Joe Leggio WB2HOL
How it works
This active attenuator works as a simple mixer. A signal from a 1 MHz oscillator is mixed with the received signal in a 1N914 diode. The 1000 ohm potentiometer adjusts the level of the local oscillator fed to the mixer diode.
It is possible to get over 100 db attenuation using this device. This circuit is a variation of one first described in the November, 1992 issue of QST. That circuit was designed by PA0ZR. It used a L/C tuned 500 KHz oscillator.
I used a 1 MHz crystal oscillator and it made construction even simpler than the original unit.
Mouser Part 546-1590A-BK
FRONT VIEW OF ACTIVE ATTENUATOR
|INSIDE VIEW OF ACTIVE ATTENUATOR||
N2KI's version(4Mhz) built inside an RF proof enclosure.
This attenuator is used by tuning the receiver 1 MHz above or below the frequency of the transmitter. By adjusting the oscillator level fed to the mixer diode, the signal output to the receiver will be attenuated.
Note: You may also tune your receiver 2 MHz above or below the frequency of the transmitter and get even more attenuation. (thanks to VE3EFY for this tip)
If you find that this circuit does not oscillate with your crystal you might need to add a small capacitor (anything from 5pf to 25pf) from the gate of the FET to ground. It may also help to reduce the 150pf capacitor connected from the drain to ground to 100pf.
These two capacitors, along with the crystal, provide a 360 degree phase shift from the drain to the gate of the FET. The circuit pictured in the schematic below is a Pierce oscillator and relies upon the gate-to-source capacitance of the FET to form part of its phase shift network. If there is not sufficient stray capacitance to ground from the gate of the FET, you may need to add the additional capacitor. VE3EFY reported that his oscillator would not function below 4.5 volts. He used a 9 volt battery to power his unit. The battery should last a long time, he measured the current drain to be 1.8 mA.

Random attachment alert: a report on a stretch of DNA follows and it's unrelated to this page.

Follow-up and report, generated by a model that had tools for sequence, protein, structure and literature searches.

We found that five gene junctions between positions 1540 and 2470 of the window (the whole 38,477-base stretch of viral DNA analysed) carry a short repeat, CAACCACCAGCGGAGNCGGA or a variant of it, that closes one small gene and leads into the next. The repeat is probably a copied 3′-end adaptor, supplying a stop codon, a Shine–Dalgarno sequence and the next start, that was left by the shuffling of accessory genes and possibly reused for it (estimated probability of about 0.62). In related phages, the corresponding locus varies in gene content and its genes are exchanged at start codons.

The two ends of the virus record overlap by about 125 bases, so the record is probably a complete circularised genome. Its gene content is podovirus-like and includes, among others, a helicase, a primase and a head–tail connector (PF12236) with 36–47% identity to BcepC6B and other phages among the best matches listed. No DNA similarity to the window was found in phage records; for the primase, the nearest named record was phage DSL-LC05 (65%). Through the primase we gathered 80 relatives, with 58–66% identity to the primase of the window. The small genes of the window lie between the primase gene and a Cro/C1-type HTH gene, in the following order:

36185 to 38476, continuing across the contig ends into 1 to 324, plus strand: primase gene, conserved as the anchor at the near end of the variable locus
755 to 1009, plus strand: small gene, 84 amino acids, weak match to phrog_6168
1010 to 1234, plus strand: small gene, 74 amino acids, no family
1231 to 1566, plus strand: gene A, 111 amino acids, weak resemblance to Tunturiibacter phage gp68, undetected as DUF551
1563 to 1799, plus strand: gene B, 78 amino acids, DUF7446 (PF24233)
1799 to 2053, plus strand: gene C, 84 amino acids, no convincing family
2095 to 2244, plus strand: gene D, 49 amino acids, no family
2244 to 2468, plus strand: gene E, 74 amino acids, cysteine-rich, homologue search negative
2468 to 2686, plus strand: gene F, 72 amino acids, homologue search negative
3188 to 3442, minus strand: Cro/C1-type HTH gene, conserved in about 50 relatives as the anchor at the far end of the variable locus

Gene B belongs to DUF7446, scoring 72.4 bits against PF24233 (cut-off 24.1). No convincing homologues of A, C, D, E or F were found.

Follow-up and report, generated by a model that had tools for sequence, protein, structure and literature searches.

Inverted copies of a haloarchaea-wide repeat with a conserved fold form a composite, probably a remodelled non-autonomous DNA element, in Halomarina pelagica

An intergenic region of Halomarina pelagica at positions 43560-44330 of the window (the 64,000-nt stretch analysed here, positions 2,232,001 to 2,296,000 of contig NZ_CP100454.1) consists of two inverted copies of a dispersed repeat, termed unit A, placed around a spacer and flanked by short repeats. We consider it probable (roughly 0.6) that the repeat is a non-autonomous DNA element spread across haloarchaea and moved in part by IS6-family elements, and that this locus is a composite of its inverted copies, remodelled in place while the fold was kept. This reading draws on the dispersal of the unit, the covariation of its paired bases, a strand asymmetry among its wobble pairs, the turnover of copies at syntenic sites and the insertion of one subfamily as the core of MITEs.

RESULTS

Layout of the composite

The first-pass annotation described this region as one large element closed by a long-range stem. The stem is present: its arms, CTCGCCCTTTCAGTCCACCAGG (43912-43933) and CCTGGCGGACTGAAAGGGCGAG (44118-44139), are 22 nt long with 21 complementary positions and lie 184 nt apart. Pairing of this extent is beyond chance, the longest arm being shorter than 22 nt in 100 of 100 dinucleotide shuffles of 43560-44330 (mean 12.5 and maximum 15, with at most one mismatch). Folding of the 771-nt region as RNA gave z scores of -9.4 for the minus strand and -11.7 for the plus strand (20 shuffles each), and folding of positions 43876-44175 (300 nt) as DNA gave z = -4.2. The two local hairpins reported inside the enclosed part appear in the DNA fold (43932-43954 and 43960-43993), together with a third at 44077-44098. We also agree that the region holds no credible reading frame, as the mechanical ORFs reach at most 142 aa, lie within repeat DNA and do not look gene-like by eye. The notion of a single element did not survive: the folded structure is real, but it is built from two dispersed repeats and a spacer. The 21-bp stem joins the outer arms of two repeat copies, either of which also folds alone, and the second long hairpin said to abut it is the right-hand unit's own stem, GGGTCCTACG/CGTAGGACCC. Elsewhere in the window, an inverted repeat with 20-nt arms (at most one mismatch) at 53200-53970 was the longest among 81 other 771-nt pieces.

I built this unit "dead-bug" style. Most of the components were mounted and supported by their own leads on the back of the 1000 ohm potentiometer. The RF Choke connected between the output connector and ground was made by winding about 20 turns of 22 guage wire on a 1/8 inch drill bit. The coil was then slid off of the form and wired in place. If you want to use a commercially available coil, a value of 3.3uh should work just fine. That was the value specified in the original article.
I mounted the 150pf capacitor, the 1N914 diode, and the RF Choke on the inside panel of the attenuator box between the two BNC connectors. I also mounted a slide switch between the BNC connectors so I could conserve the batteries when the unit was not being used on a hunt.
Note: The MPF-102 Field Effect Transistor has an unusual pin-out compared to general purpose transistors. The GATE is not the lead in the center. The pin-out for the MOTOROLA MPF-102 is illustrated below. (The Radio-Shack MPF-102 I used had the same pin-out).
This is available for purchase ($23 + $3 shipping CONUS) as a PCB. It is a very neat simple project. It will come with a Mouser Parts List which you need to purchase separately from Mouser. Board is 1.25" x 2.5" and fits nicely in the 546-1590A RF proof box.
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